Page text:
Fannie Mae (OTCQB:FNMA) and Freddie Mac (OTCQB:FMCC) are two of the strongest if not the strongest and best companies in the United States. Their combined resumes, absent conservator accounting manipulations, include decades of routine and consistent profitability encouraging middle class homeownership. In 2008, when their levels of capital were at their highest point in known history, Fannie Mae and Freddie Mac were seized by the Federal Housing Finance Agency (FHFA) in conjunction with the United States Treasury. If the government, Deloitte and PwC's defense for their actions under the veil of conservatorship prevails, equity shares in the GSEs are worthless and so might be shares of any other company put into conservatorship. As a matter of fact, junior investors would likely begin to prefer receiverships to conservatorships in this scenario where motives behind net worth sweeps do not matter for the purposes of § 4617(f) (HERA 2008). Jonathan Macey filed the below response in an Amicus Curiae:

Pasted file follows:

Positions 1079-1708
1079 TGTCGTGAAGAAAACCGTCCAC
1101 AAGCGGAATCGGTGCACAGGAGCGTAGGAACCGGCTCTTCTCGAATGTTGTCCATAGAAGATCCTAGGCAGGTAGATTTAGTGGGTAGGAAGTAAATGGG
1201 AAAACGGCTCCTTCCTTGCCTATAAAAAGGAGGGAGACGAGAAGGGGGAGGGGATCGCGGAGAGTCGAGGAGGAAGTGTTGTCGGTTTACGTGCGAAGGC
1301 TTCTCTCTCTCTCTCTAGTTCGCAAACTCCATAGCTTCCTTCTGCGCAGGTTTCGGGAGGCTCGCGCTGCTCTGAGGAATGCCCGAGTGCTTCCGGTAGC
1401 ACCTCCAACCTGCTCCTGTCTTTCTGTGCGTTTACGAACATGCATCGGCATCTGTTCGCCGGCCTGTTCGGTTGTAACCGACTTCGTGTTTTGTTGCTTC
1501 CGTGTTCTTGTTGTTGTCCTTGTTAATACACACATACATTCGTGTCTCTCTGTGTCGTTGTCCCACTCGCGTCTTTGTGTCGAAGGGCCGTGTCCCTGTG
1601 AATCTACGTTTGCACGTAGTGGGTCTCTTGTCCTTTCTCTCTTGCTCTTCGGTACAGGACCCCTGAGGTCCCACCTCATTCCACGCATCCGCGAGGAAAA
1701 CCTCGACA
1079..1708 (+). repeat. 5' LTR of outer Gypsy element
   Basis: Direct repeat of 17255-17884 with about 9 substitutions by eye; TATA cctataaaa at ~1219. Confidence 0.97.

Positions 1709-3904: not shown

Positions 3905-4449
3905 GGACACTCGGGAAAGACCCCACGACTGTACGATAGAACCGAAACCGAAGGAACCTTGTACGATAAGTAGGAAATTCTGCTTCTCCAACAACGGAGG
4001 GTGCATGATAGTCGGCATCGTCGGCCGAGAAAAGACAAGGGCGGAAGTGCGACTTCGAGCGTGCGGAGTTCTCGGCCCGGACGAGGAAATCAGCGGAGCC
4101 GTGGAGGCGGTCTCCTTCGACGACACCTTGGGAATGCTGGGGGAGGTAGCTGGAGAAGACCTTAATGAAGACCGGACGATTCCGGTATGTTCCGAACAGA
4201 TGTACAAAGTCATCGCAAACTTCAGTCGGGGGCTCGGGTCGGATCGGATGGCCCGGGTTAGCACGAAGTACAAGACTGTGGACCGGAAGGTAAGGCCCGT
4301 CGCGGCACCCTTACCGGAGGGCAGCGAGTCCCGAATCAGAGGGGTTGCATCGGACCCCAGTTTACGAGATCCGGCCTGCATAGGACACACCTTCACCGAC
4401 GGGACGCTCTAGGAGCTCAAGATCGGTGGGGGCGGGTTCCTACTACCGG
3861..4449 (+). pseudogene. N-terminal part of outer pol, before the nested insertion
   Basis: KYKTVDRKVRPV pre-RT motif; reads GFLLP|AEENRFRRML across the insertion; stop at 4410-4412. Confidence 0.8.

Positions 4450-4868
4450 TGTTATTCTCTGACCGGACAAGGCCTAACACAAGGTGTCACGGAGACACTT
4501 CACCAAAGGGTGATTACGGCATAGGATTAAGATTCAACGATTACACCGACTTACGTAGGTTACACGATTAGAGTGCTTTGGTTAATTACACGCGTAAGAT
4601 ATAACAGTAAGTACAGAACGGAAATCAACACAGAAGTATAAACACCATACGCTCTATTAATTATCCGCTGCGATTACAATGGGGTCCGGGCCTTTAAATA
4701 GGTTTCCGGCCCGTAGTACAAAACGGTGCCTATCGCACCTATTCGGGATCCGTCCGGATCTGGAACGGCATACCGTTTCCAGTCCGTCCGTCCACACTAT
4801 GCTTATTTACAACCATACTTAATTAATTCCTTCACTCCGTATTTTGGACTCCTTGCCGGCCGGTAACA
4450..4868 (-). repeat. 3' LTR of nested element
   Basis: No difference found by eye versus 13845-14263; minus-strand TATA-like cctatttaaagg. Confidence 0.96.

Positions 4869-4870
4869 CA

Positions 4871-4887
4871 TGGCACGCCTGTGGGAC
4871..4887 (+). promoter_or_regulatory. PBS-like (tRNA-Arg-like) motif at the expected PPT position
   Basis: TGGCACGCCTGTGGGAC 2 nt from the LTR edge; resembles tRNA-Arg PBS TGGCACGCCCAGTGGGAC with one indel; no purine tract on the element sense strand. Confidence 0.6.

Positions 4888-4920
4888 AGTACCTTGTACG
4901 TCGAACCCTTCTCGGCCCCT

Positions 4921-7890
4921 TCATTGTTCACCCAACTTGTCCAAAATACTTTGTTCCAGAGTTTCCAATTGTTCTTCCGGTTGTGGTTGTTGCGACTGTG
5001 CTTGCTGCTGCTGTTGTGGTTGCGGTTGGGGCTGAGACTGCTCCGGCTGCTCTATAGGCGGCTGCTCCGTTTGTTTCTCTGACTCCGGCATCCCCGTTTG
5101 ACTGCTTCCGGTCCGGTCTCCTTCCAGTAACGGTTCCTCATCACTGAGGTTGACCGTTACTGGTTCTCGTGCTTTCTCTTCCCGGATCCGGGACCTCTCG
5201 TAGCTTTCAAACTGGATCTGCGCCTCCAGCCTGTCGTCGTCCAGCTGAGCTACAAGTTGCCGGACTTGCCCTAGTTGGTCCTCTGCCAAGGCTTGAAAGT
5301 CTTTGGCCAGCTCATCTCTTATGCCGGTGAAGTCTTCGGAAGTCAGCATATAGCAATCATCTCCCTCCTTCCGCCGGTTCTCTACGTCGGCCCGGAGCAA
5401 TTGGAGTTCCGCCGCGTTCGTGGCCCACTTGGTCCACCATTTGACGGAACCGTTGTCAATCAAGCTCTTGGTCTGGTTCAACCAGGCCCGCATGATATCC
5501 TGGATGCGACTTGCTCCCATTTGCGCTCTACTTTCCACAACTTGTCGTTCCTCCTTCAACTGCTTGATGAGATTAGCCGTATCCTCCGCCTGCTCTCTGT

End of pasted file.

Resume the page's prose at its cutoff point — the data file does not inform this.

Investment Thesis: If any of the lawsuits against the third amendment net worth sweep, the accounting manipulations, or the merits of conservatorship in general prevail, billionaires like Bill Ackman are betting that the common shares in the long run could be worth upwards of $20. Ackman has provided profitability estimates:
Notice in the latter years the normalized profitability hovers between $16 and $17 billion per year. The government itself is forecasting similar profitability. Forensic accounting reports have suggested that the twins were remarkably profitable throughout the crisis and that FHFA manipulated the financial statements in order to take all the money. The recent Lamberth ruling seems to say that it doesn't matter why the net worth sweep was implemented, which seems to suggest that any conservator can simply enter into a contract that sends the net worth of the conservatee to the conservator without judicial review.
Fannie Mae's prior CFO has outlined the planned takeover in an Amicus Curiae opposing the government's motion to dismiss a case trying to reverse the Net Worth sweep:
In a newer lawsuit filed by Timothy Pagliara, we find that according to Delaware law, paying dividends that impairs the capital for its preferred stock is illegal: